On the night of Monday/Tuesday 14/15 April 1986, US aircraft bombed Libya as a response to alleged Libyan support for terrorism. The 18 April issue of (the then fortnightly) PN was already on its way to the printers when news came through; but a Stop Press supplement written on the Tuesday carried news as it came in – of the attack, and of some reactions in just the first few hours.
Peace groups respond to attack on Libya
At Upper Heyford airbase, one of the bases where the F1-11s [used in the bombing] took off from, a vigil organised by Campaign Atom [an anti-nuclear group in nearby Oxford] at noon on Tuesday attracted people from all over the south.
A group of vigilers at Alconbury [a US base in Cambridgeshire] found the guards extremely tense and aggressive ... there was a battery of “Rapier” anti-aircraft missiles at the ready, in a field outside the base, being manned by RAF troops.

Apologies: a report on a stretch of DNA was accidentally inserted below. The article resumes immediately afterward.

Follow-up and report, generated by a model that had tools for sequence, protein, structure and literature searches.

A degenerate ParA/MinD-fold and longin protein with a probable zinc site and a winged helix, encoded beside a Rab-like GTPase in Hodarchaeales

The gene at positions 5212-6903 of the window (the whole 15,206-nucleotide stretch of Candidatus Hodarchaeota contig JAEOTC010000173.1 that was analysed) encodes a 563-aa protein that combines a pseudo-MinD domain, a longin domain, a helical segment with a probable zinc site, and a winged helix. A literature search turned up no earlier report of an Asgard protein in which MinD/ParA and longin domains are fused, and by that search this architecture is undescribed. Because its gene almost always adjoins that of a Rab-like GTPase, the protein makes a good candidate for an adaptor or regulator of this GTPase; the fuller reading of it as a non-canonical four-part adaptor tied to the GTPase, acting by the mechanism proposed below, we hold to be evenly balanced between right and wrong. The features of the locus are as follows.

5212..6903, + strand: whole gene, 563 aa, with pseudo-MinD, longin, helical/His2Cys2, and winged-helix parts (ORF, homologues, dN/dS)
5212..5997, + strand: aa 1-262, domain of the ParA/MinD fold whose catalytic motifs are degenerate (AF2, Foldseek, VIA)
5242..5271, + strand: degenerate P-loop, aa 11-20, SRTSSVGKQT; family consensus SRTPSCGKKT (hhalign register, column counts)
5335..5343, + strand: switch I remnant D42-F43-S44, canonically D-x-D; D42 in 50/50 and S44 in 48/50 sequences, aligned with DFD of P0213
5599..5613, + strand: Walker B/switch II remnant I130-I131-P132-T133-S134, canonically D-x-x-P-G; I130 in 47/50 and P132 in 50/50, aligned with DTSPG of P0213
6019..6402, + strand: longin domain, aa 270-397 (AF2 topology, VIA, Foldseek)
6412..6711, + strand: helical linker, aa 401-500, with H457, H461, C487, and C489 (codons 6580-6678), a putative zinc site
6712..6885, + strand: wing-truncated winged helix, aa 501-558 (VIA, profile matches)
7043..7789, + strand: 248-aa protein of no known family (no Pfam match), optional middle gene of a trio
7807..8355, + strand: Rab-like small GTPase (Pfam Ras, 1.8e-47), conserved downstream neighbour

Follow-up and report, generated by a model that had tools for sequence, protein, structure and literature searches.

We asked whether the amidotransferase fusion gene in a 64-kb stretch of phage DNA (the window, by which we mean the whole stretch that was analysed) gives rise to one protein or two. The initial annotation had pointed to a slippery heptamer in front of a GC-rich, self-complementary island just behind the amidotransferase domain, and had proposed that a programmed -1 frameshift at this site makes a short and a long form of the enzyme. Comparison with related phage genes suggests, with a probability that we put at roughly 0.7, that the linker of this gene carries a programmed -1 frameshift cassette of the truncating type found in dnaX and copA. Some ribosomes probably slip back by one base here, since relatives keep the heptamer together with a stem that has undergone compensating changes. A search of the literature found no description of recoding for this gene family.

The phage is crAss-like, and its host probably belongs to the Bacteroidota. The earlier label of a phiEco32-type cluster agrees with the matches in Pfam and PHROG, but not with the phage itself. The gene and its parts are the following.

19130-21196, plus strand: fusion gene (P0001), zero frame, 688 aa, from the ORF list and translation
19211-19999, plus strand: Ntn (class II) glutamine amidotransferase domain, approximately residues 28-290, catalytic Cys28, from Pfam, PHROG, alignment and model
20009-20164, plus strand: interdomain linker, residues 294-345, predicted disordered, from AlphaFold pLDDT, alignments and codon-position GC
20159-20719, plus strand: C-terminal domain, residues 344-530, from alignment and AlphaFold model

Women from all gates [at Greenham cruise missile base] hung banners all along the fence – the local Oxfam shop in Newbury sold out of all sheets and blankets ... One read “Terrorists” with a big arrow pointing into the base.
A 7000-strong demonstration in Berlin was the biggest of over thirty demonstrations in West Germany on Tuesday. Up to 200 people were arrested at demonstrations in London on the night of Tuesday 15. A torchlit vigil in Westminster became a sit-down blockade.
Five people were arrested at Mildenhall [a US air base in Suffolk], and around 15 at Upper Heyford, on Tuesday for causing damage to perimeter fencing. The first national action - a mass sit-down in Grosvenor Square [site of the US Embassy in London] – is set for Saturday 19 April.